The Sola-Busca Tarot
The Alchemical Symbolism of a Renaissance Masterwork
Peter Mark Adams
The ancient Egyptian hieratic script was used for religious texts, demotic for ordinary purposes. Similarly, the tarot also presents us with two languages or ‘grammars’ each of which reflects the divisions within Renaissance society: the world of the elite and the world of the common people. Each utilized tarot decks that reflected their unique position in the world, their range of interests and the financial means relative to their realization.
The tarot that arose within the elite segments of society can aptly be described as the ‘noble tarot’. It was commissioned by noblemen from noted Renaissance artists, presumably at great expense, and handcrafted using the finest materials. Whilst some of these decks were used for gaming purposes others appear to have been commissioned as luxury items (possibly wedding gifts) and were considered, even at the time, to be collector’s pieces – which accounts for their survival over the last 500 years or so.
It was with such masterworks of the card maker’s art that the tarot realized its fullest symbolic expression. A distinguishing feature of such ‘noble tarots’ is that they could be structured utilizing elaborately coded systems of meaning, symbolism and references that appealed to their intended audience. If there was to be a deck whose symbolism was to be based on esoteric principles, then it would probably be one of these ‘noble’ decks.
A perfect example is the magnificent, hand painted late-15th century Sola-Busca tarot. This is the oldest (circa 1490) surviving full deck of tarot cards. It consists of 22 trumps and 56 suit cards in four suits each with 4 court cards. Despite this conformity with the structure of most modern decks it is in other ways quite idiosyncratic.
It was, presumably, either commissioned or owned by the Venetian Venier family, descendants of the Roman Emperor Valerian, whose coat of arms (three red bars on a silver background with an optional gold diagonal band or belt that signified a specific branch of the family) may appear as many as seven times throughout the deck, though it is sometimes difficult to discern. For example, each of the 4 Aces bears a coat of arms but only the Ace of Swords retains sufficient definition to allow us to discern the Venier arms. In addition, trumps IIII ‘Mario’ (above), XIIII ‘Bocho’ and XV ‘Metelo’ all appear to display these arms.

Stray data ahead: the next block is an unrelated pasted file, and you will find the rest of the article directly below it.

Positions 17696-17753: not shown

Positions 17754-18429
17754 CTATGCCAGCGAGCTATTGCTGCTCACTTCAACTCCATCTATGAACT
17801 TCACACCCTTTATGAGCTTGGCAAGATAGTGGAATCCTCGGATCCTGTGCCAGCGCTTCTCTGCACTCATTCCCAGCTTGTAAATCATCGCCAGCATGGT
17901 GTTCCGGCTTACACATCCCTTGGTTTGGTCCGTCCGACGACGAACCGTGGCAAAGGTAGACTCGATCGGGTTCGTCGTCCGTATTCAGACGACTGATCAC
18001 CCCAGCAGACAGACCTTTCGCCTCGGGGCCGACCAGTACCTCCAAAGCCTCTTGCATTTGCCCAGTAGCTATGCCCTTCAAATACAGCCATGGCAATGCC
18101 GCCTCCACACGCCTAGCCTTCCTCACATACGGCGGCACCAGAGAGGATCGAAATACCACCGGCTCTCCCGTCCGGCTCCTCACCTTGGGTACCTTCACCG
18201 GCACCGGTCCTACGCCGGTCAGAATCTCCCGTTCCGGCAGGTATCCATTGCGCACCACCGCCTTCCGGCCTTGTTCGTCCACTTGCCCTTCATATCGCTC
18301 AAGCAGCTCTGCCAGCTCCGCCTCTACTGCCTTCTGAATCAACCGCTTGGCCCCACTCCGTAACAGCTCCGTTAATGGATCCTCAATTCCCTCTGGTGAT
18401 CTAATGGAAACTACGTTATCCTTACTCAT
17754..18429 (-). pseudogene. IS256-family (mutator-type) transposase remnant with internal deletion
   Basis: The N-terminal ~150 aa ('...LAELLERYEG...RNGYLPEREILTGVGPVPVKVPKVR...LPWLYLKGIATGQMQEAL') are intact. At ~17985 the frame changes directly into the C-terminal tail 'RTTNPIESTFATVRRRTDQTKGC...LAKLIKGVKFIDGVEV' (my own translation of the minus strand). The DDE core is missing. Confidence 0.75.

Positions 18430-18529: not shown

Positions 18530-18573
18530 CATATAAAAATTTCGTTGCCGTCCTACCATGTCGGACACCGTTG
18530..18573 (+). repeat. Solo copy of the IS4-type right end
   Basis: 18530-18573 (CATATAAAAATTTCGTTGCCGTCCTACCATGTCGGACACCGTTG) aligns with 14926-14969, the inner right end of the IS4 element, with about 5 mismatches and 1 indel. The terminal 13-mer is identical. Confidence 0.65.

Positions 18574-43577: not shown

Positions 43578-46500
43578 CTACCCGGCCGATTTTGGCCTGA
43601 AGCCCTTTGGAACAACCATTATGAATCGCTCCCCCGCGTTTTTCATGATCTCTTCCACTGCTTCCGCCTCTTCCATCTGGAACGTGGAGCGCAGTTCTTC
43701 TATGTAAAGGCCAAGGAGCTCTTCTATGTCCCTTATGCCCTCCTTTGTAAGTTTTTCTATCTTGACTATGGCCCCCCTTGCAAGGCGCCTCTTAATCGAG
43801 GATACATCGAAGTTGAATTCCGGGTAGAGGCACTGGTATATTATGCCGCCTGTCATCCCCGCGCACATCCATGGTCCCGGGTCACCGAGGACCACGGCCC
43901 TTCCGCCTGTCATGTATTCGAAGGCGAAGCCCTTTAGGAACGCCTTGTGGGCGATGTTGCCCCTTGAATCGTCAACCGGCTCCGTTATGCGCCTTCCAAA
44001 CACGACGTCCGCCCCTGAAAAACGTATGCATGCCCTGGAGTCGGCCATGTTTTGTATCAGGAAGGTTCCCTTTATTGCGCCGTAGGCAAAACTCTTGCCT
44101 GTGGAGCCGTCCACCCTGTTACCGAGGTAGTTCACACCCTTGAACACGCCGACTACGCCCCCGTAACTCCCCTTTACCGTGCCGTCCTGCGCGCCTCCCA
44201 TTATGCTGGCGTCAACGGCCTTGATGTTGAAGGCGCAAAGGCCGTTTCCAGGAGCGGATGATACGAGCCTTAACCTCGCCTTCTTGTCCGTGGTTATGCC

The deck itself was created by the anonymous ‘Master of the Sola-Busca Tarocchi’ who, based upon a detailed analysis of the stylistic similarities between this work and other engravings of the time, is now known to be Nicola di Maestro Antonio.
The symbolism of the deck is ostensibly based upon heroic figures from classical antiquity. But its highly decorated cards appear to contain a deeper layer of symbolism based upon the stages of the alchemical opus. For many centuries Alchemy was indistinguishable from the science of its day. But whereas today’s scientist maintains a certain distance from his subject matter in order to minimize bias, the path of the alchemist demanded a complete emotional absorption in his work so that the subjective and the objective crossed over one another and merged.
The classical stages of the alchemical opus – Nigredo (blackening/decomposing), Albedo (whitening/purifying), Citrinitas (yellowing/emerging) and Rubedo (reddening/realizing) – match the stages of any profound process of psychological individuation and spiritual transformation. And this psychological process in turn mirrors the inner or energetic transformations, and their accompanying visions, of that universal ‘yoga’ that constitutes the mystical path.
Alchemy, despite its centuries long incubation of the science of Chemistry, was in its highest sense, a path of inner cultivation and individuation. Much of the obscurity of its imagery and classic accounts relates to the difficulty of translating such otherworldly experiences into the language of everyday life, and not just to a need to retain the secrecy that all spiritual practices required in the face of the belligerent politico-religious power of the Vatican.
One clue to the hidden layers of meaning within the deck is the presence of Alexander the Great (King of Swords). But his depiction, with a Gryphon drawn chariot, connects him not with the historical personage but with the romanticized figure of the ‘Alexander Romance’ literature, collections of tall stories and fabulous exploits that grew up around his name.